Even without needing him for nearly a quarter of the game, UCLA now sits just one game back from Arizona for first in the Pac-12.

Adams finished with 24 points, knocking down all three of his attempts from downtown and shooting 10-of-14 overall. Continue reading

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What to watch: Utah at UCLA

Utah (17-7, 6-6) at UCLA (19-5, 8-3)
Saturday, 2 p.m., Pauley Pavilion
TV: Pac-12 Networks (JB Long, Don MacLean)
Radio: AM 570 (Chris Roberts, Tracy Murray)

No. 1: How will Utah fare away from home? On Thursday, the Utes beat USC to finally notch their first road win since Jan. 19, 2013. With a trip through the Bay Area still looming, it may very well be their last of the regular season.

Most bothersome for the up-and-coming program is the inability to finish on the road. In their five road losses in conference play, they thrice blew double-digit leads.

The Bruins had one of their worst offensive halves of the season in Salt Lake City last month, and haven’t completely shaken the slow-start bug since. They can’t afford losing at Pauley Pavilion to a lesser team, not when first place is within sights again thanks to Arizona State’s upset of Arizona.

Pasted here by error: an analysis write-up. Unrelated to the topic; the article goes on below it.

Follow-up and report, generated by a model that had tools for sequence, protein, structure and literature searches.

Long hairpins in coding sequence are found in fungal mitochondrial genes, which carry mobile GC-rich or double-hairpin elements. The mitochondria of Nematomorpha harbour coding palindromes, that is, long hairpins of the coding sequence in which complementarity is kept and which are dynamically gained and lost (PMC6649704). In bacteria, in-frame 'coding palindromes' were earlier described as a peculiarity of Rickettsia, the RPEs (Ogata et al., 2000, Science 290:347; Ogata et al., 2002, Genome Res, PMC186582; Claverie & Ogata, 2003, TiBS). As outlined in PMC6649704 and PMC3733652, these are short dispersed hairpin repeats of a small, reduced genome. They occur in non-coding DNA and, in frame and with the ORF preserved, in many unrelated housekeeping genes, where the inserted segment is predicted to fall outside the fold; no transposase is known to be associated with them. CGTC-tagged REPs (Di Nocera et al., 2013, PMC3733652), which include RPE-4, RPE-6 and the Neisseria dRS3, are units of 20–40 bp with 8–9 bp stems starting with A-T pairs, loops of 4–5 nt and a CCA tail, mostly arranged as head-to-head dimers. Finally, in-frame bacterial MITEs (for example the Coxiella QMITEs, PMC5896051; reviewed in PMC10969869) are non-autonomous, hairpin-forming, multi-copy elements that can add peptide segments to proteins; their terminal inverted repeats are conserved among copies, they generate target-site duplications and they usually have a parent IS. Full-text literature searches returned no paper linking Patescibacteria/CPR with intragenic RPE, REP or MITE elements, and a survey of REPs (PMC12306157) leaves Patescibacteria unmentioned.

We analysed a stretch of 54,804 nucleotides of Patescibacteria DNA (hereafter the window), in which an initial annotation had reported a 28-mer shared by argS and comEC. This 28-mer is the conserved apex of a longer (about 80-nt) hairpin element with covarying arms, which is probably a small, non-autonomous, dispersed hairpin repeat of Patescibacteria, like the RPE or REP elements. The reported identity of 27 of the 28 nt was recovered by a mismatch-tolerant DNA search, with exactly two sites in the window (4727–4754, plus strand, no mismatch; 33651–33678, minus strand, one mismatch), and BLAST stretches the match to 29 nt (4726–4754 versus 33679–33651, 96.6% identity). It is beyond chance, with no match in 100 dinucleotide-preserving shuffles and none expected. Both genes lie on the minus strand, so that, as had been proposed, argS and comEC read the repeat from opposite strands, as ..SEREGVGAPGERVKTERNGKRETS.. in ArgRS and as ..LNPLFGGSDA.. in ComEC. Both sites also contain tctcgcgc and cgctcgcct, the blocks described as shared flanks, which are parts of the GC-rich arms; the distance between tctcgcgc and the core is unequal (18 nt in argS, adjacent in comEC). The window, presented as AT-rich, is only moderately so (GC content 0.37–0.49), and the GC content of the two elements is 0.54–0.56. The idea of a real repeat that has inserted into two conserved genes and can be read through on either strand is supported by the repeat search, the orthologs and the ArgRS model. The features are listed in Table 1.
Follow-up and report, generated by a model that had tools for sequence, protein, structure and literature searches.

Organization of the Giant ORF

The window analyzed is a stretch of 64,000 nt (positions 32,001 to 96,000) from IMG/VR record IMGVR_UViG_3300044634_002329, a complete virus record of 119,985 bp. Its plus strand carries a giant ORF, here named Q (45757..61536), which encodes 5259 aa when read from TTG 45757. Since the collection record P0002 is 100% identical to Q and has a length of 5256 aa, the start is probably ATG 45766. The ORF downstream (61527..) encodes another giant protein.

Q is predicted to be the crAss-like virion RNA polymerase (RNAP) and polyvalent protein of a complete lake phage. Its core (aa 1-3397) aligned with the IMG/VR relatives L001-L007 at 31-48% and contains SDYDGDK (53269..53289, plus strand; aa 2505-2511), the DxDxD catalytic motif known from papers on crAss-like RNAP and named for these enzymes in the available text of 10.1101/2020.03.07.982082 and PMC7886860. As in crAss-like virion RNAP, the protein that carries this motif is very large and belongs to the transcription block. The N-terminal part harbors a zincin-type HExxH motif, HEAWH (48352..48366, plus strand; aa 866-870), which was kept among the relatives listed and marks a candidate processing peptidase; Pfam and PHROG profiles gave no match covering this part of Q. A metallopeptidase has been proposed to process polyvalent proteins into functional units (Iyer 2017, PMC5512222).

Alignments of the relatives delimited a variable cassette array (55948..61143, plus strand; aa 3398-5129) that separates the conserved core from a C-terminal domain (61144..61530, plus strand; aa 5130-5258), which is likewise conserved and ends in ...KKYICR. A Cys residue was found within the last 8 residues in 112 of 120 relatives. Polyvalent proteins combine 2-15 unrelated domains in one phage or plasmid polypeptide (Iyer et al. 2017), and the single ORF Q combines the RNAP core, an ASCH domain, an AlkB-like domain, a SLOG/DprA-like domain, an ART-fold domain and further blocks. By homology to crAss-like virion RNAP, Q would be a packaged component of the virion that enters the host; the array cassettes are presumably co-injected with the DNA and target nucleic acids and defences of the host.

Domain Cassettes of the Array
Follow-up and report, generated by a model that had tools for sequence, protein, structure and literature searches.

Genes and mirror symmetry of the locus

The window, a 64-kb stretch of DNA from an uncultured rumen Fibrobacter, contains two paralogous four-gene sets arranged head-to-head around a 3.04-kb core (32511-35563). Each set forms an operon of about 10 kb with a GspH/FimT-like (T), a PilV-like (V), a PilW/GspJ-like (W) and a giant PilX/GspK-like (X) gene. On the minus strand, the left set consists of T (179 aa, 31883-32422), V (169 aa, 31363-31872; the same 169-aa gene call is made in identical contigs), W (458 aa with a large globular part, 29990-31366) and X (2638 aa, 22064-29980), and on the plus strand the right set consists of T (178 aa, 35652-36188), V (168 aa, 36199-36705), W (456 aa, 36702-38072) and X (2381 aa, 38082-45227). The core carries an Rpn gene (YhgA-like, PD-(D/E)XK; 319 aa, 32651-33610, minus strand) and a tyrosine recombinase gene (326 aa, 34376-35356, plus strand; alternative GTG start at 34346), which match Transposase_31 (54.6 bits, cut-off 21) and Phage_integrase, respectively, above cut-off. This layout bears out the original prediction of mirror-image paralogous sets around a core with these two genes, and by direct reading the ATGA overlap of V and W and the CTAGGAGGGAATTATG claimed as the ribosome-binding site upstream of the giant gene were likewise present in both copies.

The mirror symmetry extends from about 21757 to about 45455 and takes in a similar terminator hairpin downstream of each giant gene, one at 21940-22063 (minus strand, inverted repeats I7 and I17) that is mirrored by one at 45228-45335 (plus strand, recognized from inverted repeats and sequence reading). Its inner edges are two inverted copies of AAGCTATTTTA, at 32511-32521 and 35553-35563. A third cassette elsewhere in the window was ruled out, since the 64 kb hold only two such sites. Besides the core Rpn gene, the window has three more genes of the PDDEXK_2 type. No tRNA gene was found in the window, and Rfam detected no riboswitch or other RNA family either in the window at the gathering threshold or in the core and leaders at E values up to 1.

No. 2: Delon Wright. The younger brother of NBA forward Dorell Wright turned out to be a major recruiting coup for the Utes, transferring from the City College of San Francisco to become their most versatile player. Continue reading

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Notes and quotes: Zach Lavine still stuck in scoring rut

Zach LaVine is just six of 29 in his last five games, a slump that has spotlighted the pockmarks on a once stunning freshman campaign.

Most glaring remains shot selection, something that was apparent even during his eight straight double-digit scoring games. It’s just that when contested 25-footers find net, forgiveness comes easy.

Lately, those tough jumpers have been clanking more often than not. His 1-of-6 showing during UCLA’s 92-74 win over Colorado even prompted Spencer Dinwiddie, the Buffs’ injured star, to chime in from his bed during the game:

Asked if LaVine’s drought was of any concern, head coach Steve Alford said no. Continue reading